Pseudomonas syringae, Causal Agent of a Leaf Spot on Ulmus sp.. G. W. Moorman, Department of Plant Pathology, The Pennsylvania State University, University Park 16802. F. L. Lukezic, and R. Levine. Department of Plant Pathology, The Pennsylvania State University, University Park 16802. Plant Dis. 72:801. Accepted for publication 10 June 1988. Copyright 1988 The American Phytopathological Society. DOI: 10.1094/PD-72-0801C.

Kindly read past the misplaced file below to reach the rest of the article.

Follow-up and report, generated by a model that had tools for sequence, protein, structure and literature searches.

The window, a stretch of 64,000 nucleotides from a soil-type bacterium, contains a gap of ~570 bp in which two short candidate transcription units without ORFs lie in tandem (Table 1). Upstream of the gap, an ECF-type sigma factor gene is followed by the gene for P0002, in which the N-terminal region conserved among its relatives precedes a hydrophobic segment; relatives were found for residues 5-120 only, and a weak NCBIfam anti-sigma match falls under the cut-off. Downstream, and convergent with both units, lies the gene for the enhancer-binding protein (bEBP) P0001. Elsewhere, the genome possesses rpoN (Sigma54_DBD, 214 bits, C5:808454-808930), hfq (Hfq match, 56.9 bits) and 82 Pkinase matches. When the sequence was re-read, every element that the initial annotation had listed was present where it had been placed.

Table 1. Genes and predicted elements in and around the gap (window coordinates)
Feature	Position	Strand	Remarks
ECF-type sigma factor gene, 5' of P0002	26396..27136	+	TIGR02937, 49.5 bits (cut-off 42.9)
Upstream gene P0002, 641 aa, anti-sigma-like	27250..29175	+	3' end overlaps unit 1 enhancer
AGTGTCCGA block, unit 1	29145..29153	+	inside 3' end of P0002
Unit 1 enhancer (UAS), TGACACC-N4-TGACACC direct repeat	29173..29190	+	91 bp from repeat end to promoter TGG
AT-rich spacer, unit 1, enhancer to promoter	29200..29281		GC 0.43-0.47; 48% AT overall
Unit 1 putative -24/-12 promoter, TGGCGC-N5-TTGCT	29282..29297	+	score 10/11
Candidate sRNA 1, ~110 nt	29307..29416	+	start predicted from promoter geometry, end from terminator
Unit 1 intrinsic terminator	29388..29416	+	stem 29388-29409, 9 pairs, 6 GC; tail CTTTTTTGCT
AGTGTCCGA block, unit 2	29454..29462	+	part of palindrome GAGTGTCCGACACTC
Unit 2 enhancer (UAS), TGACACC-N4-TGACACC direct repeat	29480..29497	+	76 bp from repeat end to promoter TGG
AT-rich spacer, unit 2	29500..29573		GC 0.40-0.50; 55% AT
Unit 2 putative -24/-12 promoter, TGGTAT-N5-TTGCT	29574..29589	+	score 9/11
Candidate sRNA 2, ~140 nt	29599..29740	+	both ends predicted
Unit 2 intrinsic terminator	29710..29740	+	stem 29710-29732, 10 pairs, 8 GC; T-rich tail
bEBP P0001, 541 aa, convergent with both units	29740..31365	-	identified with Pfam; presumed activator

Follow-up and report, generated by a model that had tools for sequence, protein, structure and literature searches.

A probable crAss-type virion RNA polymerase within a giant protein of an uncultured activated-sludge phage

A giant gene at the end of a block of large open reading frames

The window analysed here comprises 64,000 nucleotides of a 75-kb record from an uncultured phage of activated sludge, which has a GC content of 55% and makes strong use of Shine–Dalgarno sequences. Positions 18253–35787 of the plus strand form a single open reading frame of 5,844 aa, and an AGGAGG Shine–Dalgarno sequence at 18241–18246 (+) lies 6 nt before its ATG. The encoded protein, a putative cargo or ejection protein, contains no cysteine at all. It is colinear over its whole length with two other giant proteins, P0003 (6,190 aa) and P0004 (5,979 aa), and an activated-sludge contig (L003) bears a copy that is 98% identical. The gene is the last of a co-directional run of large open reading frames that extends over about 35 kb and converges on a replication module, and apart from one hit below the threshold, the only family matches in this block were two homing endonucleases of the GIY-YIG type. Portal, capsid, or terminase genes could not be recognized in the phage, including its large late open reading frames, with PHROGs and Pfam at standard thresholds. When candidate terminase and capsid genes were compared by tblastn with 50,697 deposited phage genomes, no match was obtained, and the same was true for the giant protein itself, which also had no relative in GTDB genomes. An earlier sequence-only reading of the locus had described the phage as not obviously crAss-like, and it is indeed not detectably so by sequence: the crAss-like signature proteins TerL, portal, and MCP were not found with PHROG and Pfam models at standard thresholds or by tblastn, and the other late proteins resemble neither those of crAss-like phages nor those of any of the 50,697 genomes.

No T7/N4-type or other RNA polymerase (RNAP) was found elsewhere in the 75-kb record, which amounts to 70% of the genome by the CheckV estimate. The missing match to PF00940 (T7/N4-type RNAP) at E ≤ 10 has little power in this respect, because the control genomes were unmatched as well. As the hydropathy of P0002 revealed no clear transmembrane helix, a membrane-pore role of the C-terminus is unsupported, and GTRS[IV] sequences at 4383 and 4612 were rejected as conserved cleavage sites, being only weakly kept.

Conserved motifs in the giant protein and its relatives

During June 1987, small necrotic leaf spots surrounded by a yellow halo were observed on the upper surface of English elm (Ulmus procera Salisb.) leaves at University Park, PA. Lesions 0.1-3 mm long were on the underside of the leaf on veins. Bacteria isolated were identified as Pseudomonas syringae van Hall based on their production of fluorescent pigment; negative oxidase and negative arginine dihydrolase reactions; inability to hydrolyze starch, reduce nitrate to nitrite, or rot potato tissue; and ability to induce a hypersensitive response in tobacco and tomato leaves. Root suckers and twigs from English and American (U. americana L.) elms were collected and their leaves inoculated by: 1) puncture with a teasing needle dipped in a 24-hr-old bacteria culture, 2) sprayed until runoff with a suspension of washed cells (10 cfu/ml of tap water), and 3) a combination of procedures I and 2. Tap water was used in place of bacteria as controls. After inoculation, all of the plant tissues were placed in plastic bags for 24 hr. Symptoms identical to those on the original specimens developed within 6 days and reached their maximum within 10 days. P. syringae was consistently reisolated from the lesions. This is the first report of a bacterial leaf spot on elms.